Without wanting to dwell too much on the obvious metaphorical parallels, I suspect that these ideas struck such a particular chord with me not just because of my love for literary voyages and all things maritime, but because my own life was in flux; it was a time to be carried along by events, unanchored. Home was gone - legitimately sold to the highest bidder - and I couldn't ever go back to the rooms I'd spent my childhood in, except in memory. I was appalled when, sitting down for a quick snack in the cafe next to the impressive hull of the Cutty Sark, my dad, who's equally unsettled by having been uprooted, without warning whipped out his phone and proceeded to show me the pictures he'd taken of the empty house before the removers had gone. It was my nightmare come true, the dream in photo form, my greatest horror compacted into a few swipes of an iPhone.

Despite all of this, though (and now that I look back I realise I'm overdramatising events) in every way, Greenwich was a good day. It's the most comforting thing in the world to be with family when you're feeling a little at odds with the world (family which excluded, unfortunately, my stalwart brother who was busy raising his own family at the head of a different loch, miles away). That was the day's most valuable lesson, and one that hoisted the spirits in a way little else could.

The cake was further iced (and here we return to the original purpose of this blog: books) by another dose of the familiar, another balm for the soul, in the form of a rare and heartwarming visit to Waterstones before I got on the DLR. There, I was swooped upon by a beautiful, simple yet haunting display of the magnificent H is for Hawk by Helen Macdonald. The author trained a goshawk in the aftermath of her father's death, learning a lot about love, life and grief in the process, and wrote it all down. I had one of those wonderful moments which make you realise why traditional bookshops will never die out: in conversation with two booksellers at the till who sung the praises of the book I was buying, discussed nature writing with me, and recommended further reading, if I liked that sort of thing (Gossip from the Forest by Sara Maitland, which, sad to say, I've not got to round to yet: the editorial curse). A few weeks later, funnily enough, I started a placement at the publishers of H is for Hawk, which was to lead on to other great things. These days, I have a more permanent home, jobwise, and we're about to publish something wonderful: a story about a sailing trip, a tragedy, grief, and a journey. Full circle.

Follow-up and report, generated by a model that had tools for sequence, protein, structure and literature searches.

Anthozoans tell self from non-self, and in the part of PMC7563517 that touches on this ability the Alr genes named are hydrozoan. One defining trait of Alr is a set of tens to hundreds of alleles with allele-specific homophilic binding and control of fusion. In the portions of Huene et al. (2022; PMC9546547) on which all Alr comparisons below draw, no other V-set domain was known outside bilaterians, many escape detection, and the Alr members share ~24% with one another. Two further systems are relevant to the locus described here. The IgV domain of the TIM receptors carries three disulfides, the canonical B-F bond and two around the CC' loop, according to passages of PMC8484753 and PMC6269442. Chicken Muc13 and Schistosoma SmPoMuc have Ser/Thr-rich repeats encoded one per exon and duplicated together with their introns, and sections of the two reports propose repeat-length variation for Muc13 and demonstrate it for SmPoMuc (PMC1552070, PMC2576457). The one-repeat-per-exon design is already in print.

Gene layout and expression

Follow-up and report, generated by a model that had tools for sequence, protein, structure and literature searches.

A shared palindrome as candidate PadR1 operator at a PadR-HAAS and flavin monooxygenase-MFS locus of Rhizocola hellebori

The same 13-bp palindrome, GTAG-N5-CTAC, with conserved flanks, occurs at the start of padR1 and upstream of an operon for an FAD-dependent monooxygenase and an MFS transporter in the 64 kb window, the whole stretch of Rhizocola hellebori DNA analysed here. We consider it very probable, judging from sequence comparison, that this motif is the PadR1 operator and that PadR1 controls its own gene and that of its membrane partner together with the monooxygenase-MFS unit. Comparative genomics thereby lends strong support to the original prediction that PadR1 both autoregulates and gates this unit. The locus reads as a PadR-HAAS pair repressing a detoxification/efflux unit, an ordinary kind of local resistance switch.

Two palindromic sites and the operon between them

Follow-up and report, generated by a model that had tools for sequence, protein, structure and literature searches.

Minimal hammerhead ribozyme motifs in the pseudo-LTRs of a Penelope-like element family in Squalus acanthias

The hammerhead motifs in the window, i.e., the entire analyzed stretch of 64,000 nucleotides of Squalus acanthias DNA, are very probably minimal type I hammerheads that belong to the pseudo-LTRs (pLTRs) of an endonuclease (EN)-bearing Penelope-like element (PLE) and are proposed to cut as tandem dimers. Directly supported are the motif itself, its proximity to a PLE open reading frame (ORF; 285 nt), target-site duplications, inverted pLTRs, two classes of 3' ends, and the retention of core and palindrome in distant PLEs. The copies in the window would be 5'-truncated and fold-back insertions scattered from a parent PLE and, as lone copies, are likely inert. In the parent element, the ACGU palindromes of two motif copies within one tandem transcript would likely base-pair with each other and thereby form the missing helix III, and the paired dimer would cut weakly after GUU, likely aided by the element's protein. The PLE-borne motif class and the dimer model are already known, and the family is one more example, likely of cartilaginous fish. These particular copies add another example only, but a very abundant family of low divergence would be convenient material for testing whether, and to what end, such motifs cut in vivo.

So, what's the moral of the story? Call me old-fashioned / unoriginal / cliched but I can't help but try, as far as I can, to wrap up my tales neatly, tidy away their loose ends (though a good friend tells me that loose ends are, of course, part of life). I've visited home since we moved away, and I'm planning a Scottish road trip this summer, and might pay a visit for a few days with friends to soak up the rain and the midges. I'll always be sad to have left for good, and there will forever be an Eversley-shaped hole in my heart, but new memories are already being made in new homes. As my dad, wistfully, is fond of saying, it's not quite the epilogue yet. Merely the next chapter.